My kitchen is missing a drawer. I have rebuilt the box but need help finding or creating a replacement drawer face.

I have looked at hardware stores and they don't seem to have the correct style.

Is there a better place where I could purchase the drawer face? Is there somewhere that would build one for me? Router a blank? I have a router but I'm not sure I correct bit would I be able to purchase a blank slab face and do it myself?

Any help in completing my project would be appreciated.

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  • Hi, welcome to Woodworking. Just so you know for future reference, shopping Questions are against the rules so it's awkward to answer shopping-related queries that may or may not be deemed off-topic. So I'm going to focus on the woodworking side of this in my Answer.
    – Graphus
    Commented Jun 10, 2023 at 6:26

2 Answers 2


In theory, there are places where you could purchase the drawer face. If you can find one, you should also buy a lottery ticket because you would be exceedingly lucky if the house wasn't built this decade :)

A few suggestions that will depend on what's available in your area and your budget.

  1. Go to a shop that specializes in trim/moulding/millwork. Go when you think it will be slow. Show them the drawer. They will be able to duplicate it exactly by having a custom knife ground and run the single drawer. This will cost a lot more than it's worth, but is possible. ($150 - $200 for the custom knives, plus setup/material costs and probably minimums to deal with).

  2. The shop may have a similar profile on hand, and can run it for you. Or they might suggest a bit size/style you can purchase. I can't quite see from the photo but it's something in the Ogee family. I'm not an expert here.

  3. If you can find a bit that is close, do that! Do a few test pieces and try to make adjustments through sanding or using moulding planes (you'd want to pick up a small hollow and round off the local used market). Don't underestimate the power of sand paper wrapped around various size dowels. That could be fun, or completely maddening!

  4. Depending on how good you do with #3 it may be an awesome match, or it could stick out like a sore thumb. If the latter, consider swapping that front for another in your kitchen. If you have a lone cabined in one spot (separated by the stove for example) you can move the oddball front to that spot and use its former front for the high visibility area.

  5. In the spirit of small projects becoming large ones :) you could 'redo' all of your drawer faces with something that isn't a dead on match for the existing but fits with your current lowers and uppers.

If it were me, I'd shop for the router bit, do some strategic sanding and call it done.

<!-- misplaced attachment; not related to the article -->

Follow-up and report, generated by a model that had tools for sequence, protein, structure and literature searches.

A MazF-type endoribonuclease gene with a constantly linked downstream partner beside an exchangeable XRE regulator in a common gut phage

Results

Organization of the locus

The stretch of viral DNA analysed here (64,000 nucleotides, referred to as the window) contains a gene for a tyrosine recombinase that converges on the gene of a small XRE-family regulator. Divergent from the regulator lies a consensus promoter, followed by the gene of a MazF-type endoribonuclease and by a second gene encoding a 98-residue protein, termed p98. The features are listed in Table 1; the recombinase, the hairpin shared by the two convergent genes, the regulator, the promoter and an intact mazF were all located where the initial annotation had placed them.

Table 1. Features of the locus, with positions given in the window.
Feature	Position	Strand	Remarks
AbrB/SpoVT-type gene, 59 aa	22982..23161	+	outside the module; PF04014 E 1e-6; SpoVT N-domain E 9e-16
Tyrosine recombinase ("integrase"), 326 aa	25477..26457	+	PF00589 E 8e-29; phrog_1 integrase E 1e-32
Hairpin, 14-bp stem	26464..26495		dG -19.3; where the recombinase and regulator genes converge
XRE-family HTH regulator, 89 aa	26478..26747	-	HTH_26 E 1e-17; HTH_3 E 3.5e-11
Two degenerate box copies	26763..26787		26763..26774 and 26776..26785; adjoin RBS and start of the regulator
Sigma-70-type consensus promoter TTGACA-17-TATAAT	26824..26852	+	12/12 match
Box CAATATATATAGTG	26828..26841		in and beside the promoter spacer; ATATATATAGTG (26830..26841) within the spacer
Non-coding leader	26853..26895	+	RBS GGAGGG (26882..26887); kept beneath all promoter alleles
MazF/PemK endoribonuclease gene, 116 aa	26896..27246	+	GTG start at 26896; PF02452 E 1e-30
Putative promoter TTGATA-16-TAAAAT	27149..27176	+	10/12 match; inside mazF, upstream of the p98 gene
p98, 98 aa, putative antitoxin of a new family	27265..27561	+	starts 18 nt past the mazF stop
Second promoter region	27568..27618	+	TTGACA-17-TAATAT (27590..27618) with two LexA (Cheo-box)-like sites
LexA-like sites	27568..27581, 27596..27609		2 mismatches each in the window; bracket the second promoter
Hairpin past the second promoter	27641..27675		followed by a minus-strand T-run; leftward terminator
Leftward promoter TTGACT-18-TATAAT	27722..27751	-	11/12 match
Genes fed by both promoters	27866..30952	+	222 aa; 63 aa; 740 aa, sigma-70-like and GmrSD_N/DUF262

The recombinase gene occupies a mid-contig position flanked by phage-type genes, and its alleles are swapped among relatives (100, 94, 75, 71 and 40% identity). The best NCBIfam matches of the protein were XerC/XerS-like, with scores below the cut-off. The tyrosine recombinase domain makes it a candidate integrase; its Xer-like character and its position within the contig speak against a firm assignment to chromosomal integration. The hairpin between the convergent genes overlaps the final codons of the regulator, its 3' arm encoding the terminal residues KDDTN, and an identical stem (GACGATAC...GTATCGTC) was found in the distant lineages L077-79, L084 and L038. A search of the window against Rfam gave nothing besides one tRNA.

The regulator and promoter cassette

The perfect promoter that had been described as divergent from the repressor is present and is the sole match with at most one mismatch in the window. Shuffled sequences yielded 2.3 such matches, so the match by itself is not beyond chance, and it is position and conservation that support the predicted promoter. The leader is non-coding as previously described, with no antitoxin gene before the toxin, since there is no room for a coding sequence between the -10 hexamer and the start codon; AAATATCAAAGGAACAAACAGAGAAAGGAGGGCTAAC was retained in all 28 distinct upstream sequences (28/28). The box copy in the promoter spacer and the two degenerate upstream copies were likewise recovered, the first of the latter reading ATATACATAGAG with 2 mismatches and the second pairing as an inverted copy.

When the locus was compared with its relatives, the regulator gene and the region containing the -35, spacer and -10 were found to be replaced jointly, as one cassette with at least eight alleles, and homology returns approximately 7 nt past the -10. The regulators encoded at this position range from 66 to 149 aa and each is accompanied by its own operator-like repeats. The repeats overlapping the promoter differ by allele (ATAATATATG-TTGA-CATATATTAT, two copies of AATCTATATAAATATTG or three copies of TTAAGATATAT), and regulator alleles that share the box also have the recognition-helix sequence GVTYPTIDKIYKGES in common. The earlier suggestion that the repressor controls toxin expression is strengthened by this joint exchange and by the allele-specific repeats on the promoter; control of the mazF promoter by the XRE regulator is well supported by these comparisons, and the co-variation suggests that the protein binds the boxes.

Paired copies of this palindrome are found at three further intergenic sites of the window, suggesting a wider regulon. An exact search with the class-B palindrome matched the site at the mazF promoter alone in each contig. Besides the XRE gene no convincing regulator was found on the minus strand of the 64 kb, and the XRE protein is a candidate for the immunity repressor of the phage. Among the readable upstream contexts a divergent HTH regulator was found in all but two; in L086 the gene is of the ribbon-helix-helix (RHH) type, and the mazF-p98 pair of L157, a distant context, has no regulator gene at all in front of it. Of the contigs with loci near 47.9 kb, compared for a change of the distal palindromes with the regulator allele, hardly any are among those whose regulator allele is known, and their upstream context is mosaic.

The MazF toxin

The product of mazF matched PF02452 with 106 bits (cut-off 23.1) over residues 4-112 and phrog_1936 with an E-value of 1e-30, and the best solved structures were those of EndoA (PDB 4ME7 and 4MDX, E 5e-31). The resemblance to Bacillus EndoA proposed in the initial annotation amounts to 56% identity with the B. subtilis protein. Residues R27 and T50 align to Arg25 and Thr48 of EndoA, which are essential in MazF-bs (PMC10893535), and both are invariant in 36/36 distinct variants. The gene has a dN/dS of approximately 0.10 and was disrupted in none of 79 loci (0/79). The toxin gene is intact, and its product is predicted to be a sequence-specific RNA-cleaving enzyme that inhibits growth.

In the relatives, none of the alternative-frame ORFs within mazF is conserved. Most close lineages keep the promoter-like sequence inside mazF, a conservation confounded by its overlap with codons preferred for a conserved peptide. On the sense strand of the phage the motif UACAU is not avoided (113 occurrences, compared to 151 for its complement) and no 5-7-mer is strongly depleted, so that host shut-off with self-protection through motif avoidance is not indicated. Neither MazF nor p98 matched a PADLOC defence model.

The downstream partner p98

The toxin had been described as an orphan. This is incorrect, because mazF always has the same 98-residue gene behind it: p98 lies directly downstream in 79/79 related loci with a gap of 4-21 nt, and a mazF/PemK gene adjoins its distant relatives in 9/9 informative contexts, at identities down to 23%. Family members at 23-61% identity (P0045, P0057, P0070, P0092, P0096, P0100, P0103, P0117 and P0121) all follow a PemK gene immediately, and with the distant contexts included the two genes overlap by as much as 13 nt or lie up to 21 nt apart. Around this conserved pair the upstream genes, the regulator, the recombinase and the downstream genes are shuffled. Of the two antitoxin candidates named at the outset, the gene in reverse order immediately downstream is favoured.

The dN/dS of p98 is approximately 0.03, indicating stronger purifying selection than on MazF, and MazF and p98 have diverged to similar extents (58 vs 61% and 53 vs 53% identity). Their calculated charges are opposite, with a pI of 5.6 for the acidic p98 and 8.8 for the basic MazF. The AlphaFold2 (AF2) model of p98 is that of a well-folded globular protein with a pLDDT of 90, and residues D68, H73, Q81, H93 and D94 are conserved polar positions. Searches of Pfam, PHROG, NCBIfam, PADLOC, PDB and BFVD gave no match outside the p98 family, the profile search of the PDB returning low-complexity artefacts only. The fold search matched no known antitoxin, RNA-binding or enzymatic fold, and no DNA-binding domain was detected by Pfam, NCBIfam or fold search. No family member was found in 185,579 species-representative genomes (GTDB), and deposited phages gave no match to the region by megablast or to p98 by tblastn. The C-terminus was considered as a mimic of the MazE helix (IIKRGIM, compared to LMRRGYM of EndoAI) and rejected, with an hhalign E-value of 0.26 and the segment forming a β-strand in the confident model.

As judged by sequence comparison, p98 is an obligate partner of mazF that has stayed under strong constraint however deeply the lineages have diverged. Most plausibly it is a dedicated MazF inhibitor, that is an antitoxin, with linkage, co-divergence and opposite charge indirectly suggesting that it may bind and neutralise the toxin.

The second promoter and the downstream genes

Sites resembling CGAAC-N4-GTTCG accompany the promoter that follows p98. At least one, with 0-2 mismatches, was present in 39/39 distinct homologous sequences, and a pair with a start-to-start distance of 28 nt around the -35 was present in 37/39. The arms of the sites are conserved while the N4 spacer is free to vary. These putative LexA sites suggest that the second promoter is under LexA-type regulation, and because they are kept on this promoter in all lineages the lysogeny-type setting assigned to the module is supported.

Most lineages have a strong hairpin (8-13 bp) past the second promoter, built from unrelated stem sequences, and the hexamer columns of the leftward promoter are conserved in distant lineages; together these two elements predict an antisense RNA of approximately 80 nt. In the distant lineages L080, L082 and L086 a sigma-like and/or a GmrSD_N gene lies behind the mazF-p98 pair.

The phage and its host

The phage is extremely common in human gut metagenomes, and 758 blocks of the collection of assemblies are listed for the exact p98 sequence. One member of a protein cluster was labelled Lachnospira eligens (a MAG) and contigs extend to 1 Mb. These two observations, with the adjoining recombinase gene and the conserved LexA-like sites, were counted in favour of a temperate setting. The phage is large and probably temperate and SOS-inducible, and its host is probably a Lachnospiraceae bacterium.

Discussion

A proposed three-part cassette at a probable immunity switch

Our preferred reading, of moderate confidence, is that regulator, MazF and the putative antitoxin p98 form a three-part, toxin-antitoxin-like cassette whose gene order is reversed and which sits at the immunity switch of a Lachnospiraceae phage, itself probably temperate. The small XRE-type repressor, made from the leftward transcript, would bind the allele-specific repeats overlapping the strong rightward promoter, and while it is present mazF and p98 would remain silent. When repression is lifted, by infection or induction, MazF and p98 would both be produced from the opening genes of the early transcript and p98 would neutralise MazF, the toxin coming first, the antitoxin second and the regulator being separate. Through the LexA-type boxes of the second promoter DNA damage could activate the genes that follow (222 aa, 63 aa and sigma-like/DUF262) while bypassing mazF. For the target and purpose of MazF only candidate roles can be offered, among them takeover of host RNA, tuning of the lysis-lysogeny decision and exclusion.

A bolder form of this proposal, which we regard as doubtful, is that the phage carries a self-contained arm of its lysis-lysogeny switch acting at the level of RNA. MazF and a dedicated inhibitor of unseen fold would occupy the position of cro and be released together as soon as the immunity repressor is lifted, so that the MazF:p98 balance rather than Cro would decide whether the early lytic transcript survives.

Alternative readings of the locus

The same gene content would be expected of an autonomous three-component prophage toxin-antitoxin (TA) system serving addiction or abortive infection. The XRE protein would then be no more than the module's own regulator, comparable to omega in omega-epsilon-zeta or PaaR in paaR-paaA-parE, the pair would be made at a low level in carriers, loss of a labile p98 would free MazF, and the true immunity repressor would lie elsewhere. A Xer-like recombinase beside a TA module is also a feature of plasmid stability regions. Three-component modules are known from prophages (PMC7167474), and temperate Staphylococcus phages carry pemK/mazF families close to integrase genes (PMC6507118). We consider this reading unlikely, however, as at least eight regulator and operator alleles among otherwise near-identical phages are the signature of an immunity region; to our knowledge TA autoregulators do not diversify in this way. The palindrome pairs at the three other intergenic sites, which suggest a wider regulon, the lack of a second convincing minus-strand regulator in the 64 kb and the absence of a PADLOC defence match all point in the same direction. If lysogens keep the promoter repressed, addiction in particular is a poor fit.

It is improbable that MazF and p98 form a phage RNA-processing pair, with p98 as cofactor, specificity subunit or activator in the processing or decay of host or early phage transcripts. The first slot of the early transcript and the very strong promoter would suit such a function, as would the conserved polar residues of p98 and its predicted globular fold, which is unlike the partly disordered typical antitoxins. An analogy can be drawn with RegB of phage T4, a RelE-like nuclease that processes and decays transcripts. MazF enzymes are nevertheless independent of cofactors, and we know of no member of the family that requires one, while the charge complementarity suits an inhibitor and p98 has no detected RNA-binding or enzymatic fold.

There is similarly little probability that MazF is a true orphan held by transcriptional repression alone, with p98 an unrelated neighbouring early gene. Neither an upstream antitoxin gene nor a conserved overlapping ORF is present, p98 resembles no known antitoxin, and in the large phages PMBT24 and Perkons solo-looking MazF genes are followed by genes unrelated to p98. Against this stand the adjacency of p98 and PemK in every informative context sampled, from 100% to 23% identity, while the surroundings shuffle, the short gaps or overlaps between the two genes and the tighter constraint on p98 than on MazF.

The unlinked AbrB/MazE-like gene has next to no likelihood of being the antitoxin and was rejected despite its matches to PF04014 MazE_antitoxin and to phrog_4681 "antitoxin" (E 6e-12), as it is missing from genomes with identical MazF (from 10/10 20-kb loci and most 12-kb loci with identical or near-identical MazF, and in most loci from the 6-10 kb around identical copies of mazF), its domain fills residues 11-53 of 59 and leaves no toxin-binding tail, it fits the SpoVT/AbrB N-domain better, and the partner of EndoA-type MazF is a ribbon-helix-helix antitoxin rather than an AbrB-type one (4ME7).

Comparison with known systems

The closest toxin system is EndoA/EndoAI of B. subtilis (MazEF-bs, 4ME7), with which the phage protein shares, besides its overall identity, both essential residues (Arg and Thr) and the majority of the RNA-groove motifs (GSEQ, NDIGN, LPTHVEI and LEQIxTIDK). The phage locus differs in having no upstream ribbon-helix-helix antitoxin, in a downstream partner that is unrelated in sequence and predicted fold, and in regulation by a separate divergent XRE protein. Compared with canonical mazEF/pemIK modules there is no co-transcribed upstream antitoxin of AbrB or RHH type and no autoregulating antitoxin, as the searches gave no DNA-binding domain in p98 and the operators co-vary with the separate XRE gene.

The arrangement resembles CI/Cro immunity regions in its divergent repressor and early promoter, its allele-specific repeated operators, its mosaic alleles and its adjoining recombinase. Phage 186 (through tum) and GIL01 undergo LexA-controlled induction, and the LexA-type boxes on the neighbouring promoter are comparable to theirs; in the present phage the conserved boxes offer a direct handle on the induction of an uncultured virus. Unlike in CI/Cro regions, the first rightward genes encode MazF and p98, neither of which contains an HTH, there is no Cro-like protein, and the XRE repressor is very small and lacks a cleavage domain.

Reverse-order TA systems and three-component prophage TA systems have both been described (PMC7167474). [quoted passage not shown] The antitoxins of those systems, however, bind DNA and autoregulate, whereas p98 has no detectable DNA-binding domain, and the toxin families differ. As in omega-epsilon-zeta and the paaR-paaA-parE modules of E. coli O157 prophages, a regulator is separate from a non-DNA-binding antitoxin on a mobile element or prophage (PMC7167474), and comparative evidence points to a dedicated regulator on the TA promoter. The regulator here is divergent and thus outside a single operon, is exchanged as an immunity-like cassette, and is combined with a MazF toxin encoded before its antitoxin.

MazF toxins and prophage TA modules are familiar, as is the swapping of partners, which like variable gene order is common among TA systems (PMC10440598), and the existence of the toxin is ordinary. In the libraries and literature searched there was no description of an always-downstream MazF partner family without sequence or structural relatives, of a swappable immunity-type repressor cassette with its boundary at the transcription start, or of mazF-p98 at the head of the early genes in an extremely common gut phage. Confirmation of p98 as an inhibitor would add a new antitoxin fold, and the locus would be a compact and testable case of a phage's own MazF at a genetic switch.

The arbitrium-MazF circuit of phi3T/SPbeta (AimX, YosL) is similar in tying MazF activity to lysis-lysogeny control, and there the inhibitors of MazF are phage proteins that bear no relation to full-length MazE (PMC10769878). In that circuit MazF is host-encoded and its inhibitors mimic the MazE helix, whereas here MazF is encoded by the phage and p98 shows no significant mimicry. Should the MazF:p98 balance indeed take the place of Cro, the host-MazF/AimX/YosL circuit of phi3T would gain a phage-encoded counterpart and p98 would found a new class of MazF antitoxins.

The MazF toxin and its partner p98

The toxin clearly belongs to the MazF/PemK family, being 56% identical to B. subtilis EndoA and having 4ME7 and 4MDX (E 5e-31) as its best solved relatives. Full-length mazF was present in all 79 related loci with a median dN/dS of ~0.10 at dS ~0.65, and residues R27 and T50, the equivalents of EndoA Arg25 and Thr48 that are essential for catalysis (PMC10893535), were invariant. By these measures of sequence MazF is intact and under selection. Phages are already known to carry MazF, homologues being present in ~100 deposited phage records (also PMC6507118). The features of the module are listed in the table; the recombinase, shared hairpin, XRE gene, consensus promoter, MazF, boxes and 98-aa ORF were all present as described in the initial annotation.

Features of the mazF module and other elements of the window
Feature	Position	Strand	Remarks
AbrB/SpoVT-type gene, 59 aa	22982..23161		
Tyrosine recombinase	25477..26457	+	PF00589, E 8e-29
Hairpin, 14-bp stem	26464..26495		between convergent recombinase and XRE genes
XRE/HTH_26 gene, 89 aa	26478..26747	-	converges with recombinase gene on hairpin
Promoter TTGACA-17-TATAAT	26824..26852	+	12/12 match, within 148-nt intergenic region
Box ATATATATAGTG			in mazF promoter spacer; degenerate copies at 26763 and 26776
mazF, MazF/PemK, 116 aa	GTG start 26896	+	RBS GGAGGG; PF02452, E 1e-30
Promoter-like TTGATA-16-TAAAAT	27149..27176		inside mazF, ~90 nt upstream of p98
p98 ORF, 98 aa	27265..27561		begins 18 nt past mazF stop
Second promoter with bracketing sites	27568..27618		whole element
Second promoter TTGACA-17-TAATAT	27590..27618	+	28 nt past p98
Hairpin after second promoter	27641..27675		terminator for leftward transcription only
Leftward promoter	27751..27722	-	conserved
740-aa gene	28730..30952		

Good luck!


You should absolutely be able to closely or exactly replicate this yourself if you have a router, possibly with some careful scraping or sanding to refine results1. You'll need a router 'table' but it doesn't have to be a formal router table, the most basic stand-in will work fine if you're careful.

But if you don't trust your online shopping skills you'll need to do some boots-on-the-ground shopping to identify the bit or bits available to you that will be needed to closely match this profile if its dimensions are unusual (can't tell from the photo).

It is quite possible you'll find one bit (a Roman ogee bit) that will be a close match by itself, which would then need no or minimal scraping/sanding to refine the profile. But no way to know in advance, so I'd suggest you go in preparing to have to route the profile in stages with 2-3 bits2.

Some notes on a few possibly not-obvious points that may be helpful.

  • Your starting blank must be the right size, including exactly to thickness after the front is fully sanded before you start.

  • Time spent looking for a good grain match to the existing drawers (or just the one drawer that will be closest to the new one) will not be wasted3.

  • Remember to route the end-grain surfaces first.

Now obviously the prospect of it possibly requiring 2-3 bits raises the question: will it be worth it? This is obviously partially a judgement call for you to make, but purely on a monetary basis it's possible that if there are any local woodworkers or small shops that do kitchen work in solid wood that they could knock one of these out, using their existing wide selection of router bits, for a very modest price. Honestly, I'd expect it to cost less than the bits if you buy decent bits and are paying full retail4.

Then all you have to do is face the prospect of getting a colour and finish match :-o

Late thought, it would probably be useful to ask for help on this on a dedicated router forum where you'll get responses from a large pool of members which includes numerous professionals and semi-professionals, some of whom I'd bet are used to solving this sort of problem.

1 It's normal to have to scrape or sand routed show surfaces anyway, so this is just an extension of what you'll be doing anyway. Even if the sanding needed is more than you'd really want to do remind yourself you only have to do it this one time. Just go to it and you'll be done before you know it.

2 E.g. a shallow ogee bit and a straight bit.

3 If we assume this is red oak, you'll probably be tempted to look only at red oak but be driven by the grain you can see and not by species, or colour. What I'm getting as is you might find a piece of white oak that more closely matches than any of the red you see when you're buying. Since you'll be staining and/or using a coloured finish some variation between the colour of your board and the underlying wood of the existing fronts won't matter that much.

4 But if you buy the bits you have the bits, with their potential for future use....

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